On Praying the Rosary

I miss my dad every night around 7:30 pm.

That’s when we stop everything and pray the Rosary. We started back in March when we hosted Nine Days of Prayer in the diocese. That led to a few nights of Evening Prayer during Holy Week, which lead to the Divine Mercy Novena between Easter and Divine Mercy Sunday. Then, I suggested we do another novena at the beginning of May but the Bishop had a better idea: why not the Rosary every single night in May.

And so here we are.

I log in around 7:15, just after the alarm on my phone goes off, ending whatever yard work or Zoom meeting, or dinner preparation that has been started. I finally got smart for the nightly Rosary and invited anyone who wished to lead to do so. I don’t mind leading, but it’s nice to have others give their voice to the prayers too.

It is a holy interruption in our household and it always makes me miss my father. You see, it was my father who introduced me to Mary.

Dad taught me how to pray and a big part of those prayers was the recitation of the Rosary. We prayed every day on the way to school. We prayed in the living room when my aunt and cousin were killed in house fire. We prayed around the bedside of my brother, Jim, as he lay dying of cancer.  We prayed for peace in times of trouble. We prayed in thanksgiving for good health. We prayed for each other. For others. For ourselves. We prayed. Together. Alone. We prayed.

Dad was introduced to the Rosary by his mother, who made them by hand. She gave dad his first beads – for his First Communion – and then made and gave each of the grandchildren one for that same celebration in each of their lives. I still have mine and am proud to say the beads are nicely worn.

As dad got older and spent his time working in the yard or cleaning the pool, he prayed the Rosary every day, just like he had every day of his life. But he found that the mysteries of the Rosary you and I know did not quite cut it anymore. So he made up his own. He contemplated five miracles. Five saints. Five parables. A few summers before he died, he asked me for new ideas I suggested he think of five priests who had influenced his life and, since so many relatives were women religious, five sisters. He liked that idea.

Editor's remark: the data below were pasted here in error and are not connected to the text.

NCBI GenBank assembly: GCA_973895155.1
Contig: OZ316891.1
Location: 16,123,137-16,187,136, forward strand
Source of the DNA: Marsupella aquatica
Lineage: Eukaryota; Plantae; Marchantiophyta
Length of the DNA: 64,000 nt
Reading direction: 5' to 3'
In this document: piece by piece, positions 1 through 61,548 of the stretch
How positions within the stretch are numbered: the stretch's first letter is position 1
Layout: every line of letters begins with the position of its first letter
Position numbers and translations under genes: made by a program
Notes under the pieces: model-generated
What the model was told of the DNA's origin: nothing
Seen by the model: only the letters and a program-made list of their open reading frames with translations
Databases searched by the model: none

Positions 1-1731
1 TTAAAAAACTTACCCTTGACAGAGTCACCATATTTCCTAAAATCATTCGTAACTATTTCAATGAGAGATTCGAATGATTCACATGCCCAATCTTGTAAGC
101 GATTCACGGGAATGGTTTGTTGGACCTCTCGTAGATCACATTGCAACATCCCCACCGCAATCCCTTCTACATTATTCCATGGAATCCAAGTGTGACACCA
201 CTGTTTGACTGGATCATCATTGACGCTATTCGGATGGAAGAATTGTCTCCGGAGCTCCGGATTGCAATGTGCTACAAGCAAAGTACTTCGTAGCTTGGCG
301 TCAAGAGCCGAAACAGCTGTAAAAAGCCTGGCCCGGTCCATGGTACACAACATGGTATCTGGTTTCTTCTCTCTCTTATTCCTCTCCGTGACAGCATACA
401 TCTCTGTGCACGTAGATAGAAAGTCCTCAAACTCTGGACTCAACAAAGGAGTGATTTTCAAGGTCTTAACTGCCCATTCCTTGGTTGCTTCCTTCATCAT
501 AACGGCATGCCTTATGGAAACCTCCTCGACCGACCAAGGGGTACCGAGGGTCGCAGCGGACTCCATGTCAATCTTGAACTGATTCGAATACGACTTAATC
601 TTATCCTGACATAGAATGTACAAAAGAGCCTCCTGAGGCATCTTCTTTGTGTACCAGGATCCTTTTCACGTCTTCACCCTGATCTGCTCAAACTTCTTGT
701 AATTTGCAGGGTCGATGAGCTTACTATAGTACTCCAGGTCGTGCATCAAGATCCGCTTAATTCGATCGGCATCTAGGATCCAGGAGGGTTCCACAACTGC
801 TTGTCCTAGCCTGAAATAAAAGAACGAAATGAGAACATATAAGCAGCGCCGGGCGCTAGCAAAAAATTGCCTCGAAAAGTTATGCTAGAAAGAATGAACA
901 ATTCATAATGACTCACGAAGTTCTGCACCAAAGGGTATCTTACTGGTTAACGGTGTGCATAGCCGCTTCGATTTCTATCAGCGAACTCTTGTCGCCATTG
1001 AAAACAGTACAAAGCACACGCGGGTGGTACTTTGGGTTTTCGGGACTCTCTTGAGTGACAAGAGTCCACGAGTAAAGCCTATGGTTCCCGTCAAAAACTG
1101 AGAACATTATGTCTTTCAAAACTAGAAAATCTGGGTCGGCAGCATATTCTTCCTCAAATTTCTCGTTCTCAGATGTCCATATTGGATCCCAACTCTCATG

When dad was dying, we took turns sitting with him, praying the Rosary, asking for peace for him, freedom from pain, and a quick journey home to the Mother he had called “Holy” so many times in prayer.

When he was gone and mom was putting together an outfit for dad, she knew where to find his Rosary: in the pocket of the last pair of pants he had worn. We buried him with one set of beads. I have another, found in his office after the funeral.

So last night as I was sitting in my attic office, looking at my wife across the room, I thought of dad and I prayed. I thought of those drives in the early mornings to school and those times sitting around the living room. Eventually, my thoughts turned to the hours sitting by dad as his life slowed. I prayed and I missed my dad.

We gather each night during May – nearly 200 faithful souls – and we pray for each other, our parents, our children, graduates, those who have died, those who are sick, the unemployed, the underemployed, our leaders, our heroes, our families, ourselves. It is an holy interruption from the anxiety that surrounds us.

Perhaps this week you might dig out your Rosary and pray. Perhaps its in your pocket or purse or backpack. Perhaps it’s been a while since you let the beads slide through your fingers. If so, start slowly. One decade per day, starting today. It will make a difference in your week, I promise.

Think of those who taught you to pray and thank God for their example.

Then close your eyes and open your heart and join me.

“In the name of the Father, and of the Son….”


Photo: My father and me when we were both much younger!

This originally appeared on Patrick Donovan’s personal blog, Five Minutes on Monday.